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A fuel cell is a device that generates electricity through a chemical reaction. Fuel cells consist of two electric poles, or electrodes called the cathode and the anode. In fact, chemical reactions take place inside these electrodes and generate electricity. In addition, each fuel cell also has an electrolyte and a catalyst, so that the task of electrolyte is to move charged particles between the electrodes, and the task of catalysts is to increase the rate of reaction at the electrodes. One of the important features of these fuel cells is the production of electricity with the lowest pollution levels. Hydrogen is the main fuel input to the cell, but oxygen is also needed to form the reaction. Finally, most of the oxygen and hydrogen entering the cell is discharged as a safe product (water). Since each fuel cell generates only a very small amount of direct current, it is usually attempted to use a large number of cells in large batches called the stack. The advantage of fuel cells compared to other sources and methods of electricity generation is that the fuel cell generates electricity by chemical reaction without the need for a combustion reaction; therefore, these fuel cells are more efficient and work less costly. The disadvantage of these cells is that despite their relatively simple operation, they are very difficult to build.
The figure below shows a schematic of the construction of a fuel cell and the power generation process.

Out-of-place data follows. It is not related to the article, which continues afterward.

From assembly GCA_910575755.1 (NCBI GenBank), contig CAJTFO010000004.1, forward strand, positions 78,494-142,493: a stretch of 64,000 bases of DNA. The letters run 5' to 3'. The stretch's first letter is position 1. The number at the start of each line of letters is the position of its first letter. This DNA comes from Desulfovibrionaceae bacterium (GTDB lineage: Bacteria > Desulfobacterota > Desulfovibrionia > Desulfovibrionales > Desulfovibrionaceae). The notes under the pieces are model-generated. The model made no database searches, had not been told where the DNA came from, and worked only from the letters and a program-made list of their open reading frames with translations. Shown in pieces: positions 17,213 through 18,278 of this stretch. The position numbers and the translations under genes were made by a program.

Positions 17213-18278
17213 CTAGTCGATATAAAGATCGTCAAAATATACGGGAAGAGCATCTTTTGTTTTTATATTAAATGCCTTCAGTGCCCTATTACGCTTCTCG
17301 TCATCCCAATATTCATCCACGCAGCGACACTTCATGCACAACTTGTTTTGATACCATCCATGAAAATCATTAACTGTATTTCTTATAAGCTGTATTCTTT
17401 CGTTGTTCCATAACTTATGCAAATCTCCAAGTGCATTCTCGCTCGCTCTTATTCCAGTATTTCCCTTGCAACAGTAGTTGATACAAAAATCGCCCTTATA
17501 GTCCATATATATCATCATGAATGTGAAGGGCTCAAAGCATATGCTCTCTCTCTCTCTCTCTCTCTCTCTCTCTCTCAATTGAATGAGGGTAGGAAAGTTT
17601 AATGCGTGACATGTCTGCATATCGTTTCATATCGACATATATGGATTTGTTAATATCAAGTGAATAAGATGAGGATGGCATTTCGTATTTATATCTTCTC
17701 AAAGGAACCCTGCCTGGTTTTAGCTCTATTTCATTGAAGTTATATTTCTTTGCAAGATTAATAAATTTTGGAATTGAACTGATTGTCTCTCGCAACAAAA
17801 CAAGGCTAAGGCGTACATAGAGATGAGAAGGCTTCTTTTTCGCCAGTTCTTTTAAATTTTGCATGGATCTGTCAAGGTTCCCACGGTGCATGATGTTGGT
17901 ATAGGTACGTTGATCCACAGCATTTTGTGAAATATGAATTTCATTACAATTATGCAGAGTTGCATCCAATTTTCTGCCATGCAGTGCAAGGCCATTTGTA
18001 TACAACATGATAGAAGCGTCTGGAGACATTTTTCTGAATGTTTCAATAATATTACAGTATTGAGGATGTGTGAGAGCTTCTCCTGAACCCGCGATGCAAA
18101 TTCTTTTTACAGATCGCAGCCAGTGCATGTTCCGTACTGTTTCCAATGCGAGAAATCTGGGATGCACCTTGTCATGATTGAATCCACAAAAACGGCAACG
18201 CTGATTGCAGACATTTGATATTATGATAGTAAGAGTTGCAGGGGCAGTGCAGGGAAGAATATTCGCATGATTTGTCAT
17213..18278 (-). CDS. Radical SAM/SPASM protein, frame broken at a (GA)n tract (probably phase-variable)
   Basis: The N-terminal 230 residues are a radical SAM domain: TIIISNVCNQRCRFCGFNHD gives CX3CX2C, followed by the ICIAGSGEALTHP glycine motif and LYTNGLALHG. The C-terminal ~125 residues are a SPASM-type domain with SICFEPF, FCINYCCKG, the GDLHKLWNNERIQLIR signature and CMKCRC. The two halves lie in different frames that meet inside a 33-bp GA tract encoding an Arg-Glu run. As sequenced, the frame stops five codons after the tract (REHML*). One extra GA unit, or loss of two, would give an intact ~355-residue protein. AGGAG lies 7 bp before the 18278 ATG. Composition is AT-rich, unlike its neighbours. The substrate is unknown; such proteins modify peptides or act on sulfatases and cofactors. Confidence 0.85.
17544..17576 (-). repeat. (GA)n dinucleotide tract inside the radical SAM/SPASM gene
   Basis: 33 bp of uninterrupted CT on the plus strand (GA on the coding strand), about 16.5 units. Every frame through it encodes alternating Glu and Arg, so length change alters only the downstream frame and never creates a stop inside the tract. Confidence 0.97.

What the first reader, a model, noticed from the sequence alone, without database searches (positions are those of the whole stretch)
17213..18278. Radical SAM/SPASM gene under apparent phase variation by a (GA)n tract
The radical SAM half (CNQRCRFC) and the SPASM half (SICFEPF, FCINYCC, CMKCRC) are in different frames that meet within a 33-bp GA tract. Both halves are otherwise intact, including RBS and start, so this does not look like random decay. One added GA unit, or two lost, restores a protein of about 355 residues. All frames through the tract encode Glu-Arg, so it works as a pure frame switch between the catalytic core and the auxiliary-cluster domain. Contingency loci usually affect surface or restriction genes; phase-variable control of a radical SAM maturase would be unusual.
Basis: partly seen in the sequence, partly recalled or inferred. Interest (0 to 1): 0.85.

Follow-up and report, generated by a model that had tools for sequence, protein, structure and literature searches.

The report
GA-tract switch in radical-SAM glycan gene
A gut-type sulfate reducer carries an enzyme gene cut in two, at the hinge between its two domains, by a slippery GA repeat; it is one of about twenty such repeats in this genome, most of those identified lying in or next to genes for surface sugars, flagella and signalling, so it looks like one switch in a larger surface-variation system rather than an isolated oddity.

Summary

The main purpose of fuel cells is to generate electricity. In fuel cells, chemical reactions are the main cause of electricity production. Each fuel cell consists of two anode and cathode channels that are housed in collectors called cathode collector and anode collector so that these collectors are located on both sides of the fuel cell. (Top and bottom or left and right) and five layers between these two collectors. These layers include the anode gas diffusion layer, the anode catalyst, the electrolyte membrane, the cathode gas diffusion layer, and the cathode catalyst, respectively. The mechanism of action of these cells is that the hydrogen atoms enter the collector anode and are ionized in the catalyst region in a chemical reaction. This means that the hydrogen atoms are positively charged and produce free electrons. Then the electrons separated by hydrogen form the electric current inside the wire. The current flows back through the wire to the fuel cell again to form a circuit. On the other hand, oxygen enters the cathode collector and reacts with the electrons returning through the circuit as well as the positive hydrogen ions passing through the electrolyte membrane, resulting in It will be the production of water that drains out of the cell. In general, it can be concluded that electricity is generated as long as hydrogen and oxygen fuel cell inputs are provided. In general, the most important part of the manufacture of cells is electrolytes selection. Electrolytes play a main role in the cells, in that they must allow certain ions to pass between the cathode and the anode, and if mistakenly free electrons or other excess particles crossing the electrolyte, it will disrupt the chemical reaction. Fuel cells have different types of applications, such as PEMFC, SOFC, and Electrolysis.